Eushearilide was first isolated from a culture of the fungus Eupenicillium shearii in 2006 during the course of screening antifungal compounds from fungal sources and was stereochemically and biologically characterized by Hosoe et al. [5]. The originally proposed structure, (16Z,20E)-eushearilide (1) (Figure 1), was shown to possess a 24-membered macrolactone framework as the main backbone with two stereogenic centers at the C3 and C23 carbons. Interestingly, this compound contains none of the 1,3-polyol moiety, conjugated polyene chain, and amino sugar moiety that are often present in polyene macrolide antibiotics, such as amphotericin B, natamycin, and nystatin. Instead, it was reported that eushearilide has nonconjugated dienes at the C16 and C20 carbons and a phosphorylcholine group at the C3 carbon. The relative and absolute configurations of the two stereogenic centers (C3 and C23) were not determined at that time. Hosoe et al. also reported that eushearilide exhibited antifungal activity against various fungi and yeasts, including the human pathogens Aspergillus spp., Trichophyton spp., and Candida spp. However, the antibacterial activity of eushearilide has not been fully investigated, although traces of antibacterial activity have been reported in the literature.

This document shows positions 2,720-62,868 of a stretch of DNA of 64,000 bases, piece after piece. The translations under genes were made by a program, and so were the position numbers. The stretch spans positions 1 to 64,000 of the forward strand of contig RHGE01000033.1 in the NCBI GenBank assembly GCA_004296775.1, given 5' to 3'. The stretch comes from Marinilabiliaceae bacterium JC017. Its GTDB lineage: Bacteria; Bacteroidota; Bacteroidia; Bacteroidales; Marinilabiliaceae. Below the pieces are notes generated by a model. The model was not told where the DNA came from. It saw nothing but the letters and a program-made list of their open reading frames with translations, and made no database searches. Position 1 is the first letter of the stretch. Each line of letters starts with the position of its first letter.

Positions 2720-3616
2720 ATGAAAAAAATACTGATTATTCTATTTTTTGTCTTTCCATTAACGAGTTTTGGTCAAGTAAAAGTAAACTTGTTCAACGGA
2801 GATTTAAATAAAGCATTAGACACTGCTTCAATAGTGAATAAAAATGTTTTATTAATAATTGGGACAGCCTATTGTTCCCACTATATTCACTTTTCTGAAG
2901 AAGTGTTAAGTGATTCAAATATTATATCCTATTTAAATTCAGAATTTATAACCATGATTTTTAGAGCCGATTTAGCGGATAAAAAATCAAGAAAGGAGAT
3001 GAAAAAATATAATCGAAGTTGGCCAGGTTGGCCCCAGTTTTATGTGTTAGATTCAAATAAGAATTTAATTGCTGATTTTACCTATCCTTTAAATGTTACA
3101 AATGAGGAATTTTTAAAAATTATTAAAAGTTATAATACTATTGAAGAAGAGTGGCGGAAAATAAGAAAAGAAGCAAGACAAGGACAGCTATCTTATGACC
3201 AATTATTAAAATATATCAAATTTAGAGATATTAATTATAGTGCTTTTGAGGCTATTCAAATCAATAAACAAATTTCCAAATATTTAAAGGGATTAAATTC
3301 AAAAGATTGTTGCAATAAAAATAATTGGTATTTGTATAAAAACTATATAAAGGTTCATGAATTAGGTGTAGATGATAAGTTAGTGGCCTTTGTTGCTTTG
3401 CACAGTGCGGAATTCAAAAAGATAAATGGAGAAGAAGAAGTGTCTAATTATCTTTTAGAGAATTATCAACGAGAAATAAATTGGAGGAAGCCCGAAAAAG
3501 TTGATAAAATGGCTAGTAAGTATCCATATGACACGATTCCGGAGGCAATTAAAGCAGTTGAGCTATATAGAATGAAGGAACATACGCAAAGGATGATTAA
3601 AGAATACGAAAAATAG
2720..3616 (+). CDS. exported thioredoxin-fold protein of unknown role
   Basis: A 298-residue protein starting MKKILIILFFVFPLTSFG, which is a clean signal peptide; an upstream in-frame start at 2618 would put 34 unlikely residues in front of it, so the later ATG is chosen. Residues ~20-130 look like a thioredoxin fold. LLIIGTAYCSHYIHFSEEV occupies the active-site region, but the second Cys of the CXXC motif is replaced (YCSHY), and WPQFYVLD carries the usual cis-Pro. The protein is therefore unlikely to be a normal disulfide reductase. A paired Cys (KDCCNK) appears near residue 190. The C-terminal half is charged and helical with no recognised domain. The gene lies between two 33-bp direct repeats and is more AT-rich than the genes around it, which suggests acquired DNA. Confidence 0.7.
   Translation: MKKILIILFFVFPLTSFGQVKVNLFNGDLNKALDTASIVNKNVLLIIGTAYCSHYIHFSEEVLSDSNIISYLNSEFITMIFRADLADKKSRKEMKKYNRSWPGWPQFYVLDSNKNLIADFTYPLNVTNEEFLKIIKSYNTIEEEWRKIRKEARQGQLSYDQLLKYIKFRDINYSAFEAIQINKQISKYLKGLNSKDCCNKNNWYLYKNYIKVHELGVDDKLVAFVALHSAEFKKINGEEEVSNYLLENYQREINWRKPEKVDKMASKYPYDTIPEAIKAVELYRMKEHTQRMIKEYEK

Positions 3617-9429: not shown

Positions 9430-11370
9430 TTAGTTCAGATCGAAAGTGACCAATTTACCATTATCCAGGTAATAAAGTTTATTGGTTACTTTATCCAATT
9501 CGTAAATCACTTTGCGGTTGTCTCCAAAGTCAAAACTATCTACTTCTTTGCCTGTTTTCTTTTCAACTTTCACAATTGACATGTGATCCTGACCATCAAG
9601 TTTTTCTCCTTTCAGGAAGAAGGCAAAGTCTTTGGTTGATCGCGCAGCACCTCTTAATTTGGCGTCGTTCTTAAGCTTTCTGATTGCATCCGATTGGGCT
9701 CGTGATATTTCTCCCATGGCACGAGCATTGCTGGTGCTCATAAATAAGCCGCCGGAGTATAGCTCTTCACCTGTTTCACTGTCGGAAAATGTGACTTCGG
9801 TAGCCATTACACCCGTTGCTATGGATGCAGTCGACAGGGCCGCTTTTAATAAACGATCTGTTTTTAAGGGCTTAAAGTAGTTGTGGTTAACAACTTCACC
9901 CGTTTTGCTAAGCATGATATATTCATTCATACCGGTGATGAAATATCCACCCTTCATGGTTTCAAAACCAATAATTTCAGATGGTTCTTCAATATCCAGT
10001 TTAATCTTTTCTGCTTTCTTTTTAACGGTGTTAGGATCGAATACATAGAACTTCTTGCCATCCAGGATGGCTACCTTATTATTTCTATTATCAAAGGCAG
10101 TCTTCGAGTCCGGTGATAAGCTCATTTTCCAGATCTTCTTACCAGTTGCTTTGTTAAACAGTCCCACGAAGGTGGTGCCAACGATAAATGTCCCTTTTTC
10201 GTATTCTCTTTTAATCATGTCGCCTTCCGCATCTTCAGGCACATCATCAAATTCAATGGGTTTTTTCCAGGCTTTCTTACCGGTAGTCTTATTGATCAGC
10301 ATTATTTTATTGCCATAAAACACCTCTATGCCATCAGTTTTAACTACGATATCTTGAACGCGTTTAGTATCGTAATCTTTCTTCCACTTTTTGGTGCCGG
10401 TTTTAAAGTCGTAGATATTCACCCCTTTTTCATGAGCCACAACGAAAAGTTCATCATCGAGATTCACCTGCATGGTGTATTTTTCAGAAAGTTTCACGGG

Our previous work has concerned the unique structural characteristics and promising structure–activity relationship of eushearilide and the total synthesis of this novel antibiotic. In 2015, the total syntheses of 1 and its diastereomers, (3R,16Z,20E,23R)- and (3S,16Z,20E,23R)-1, were achieved [6,7]. From the results of detailed NMR analyses of these compounds, it was found that natural eushearilide comprises a (16E,20E) configuration (as shown in eushearilide (2)) and not a (16Z,20E) configuration of the nonconjugated diene moiety at the C16 and C20 carbons. Thus, we addressed and first accomplished the total synthesis of naturally occurring eushearilide, (3S,16E,20E,23S)-(+)-2 [8]. Moreover, in order to improve the yield and reduce the number of steps in the synthetic process, we thoroughly revised our previous method of synthesis, as shown in Scheme 1 [9], enabling us to obtain a sufficient amount of eushearilide derivatives for structure–activity relationship (SAR) studies.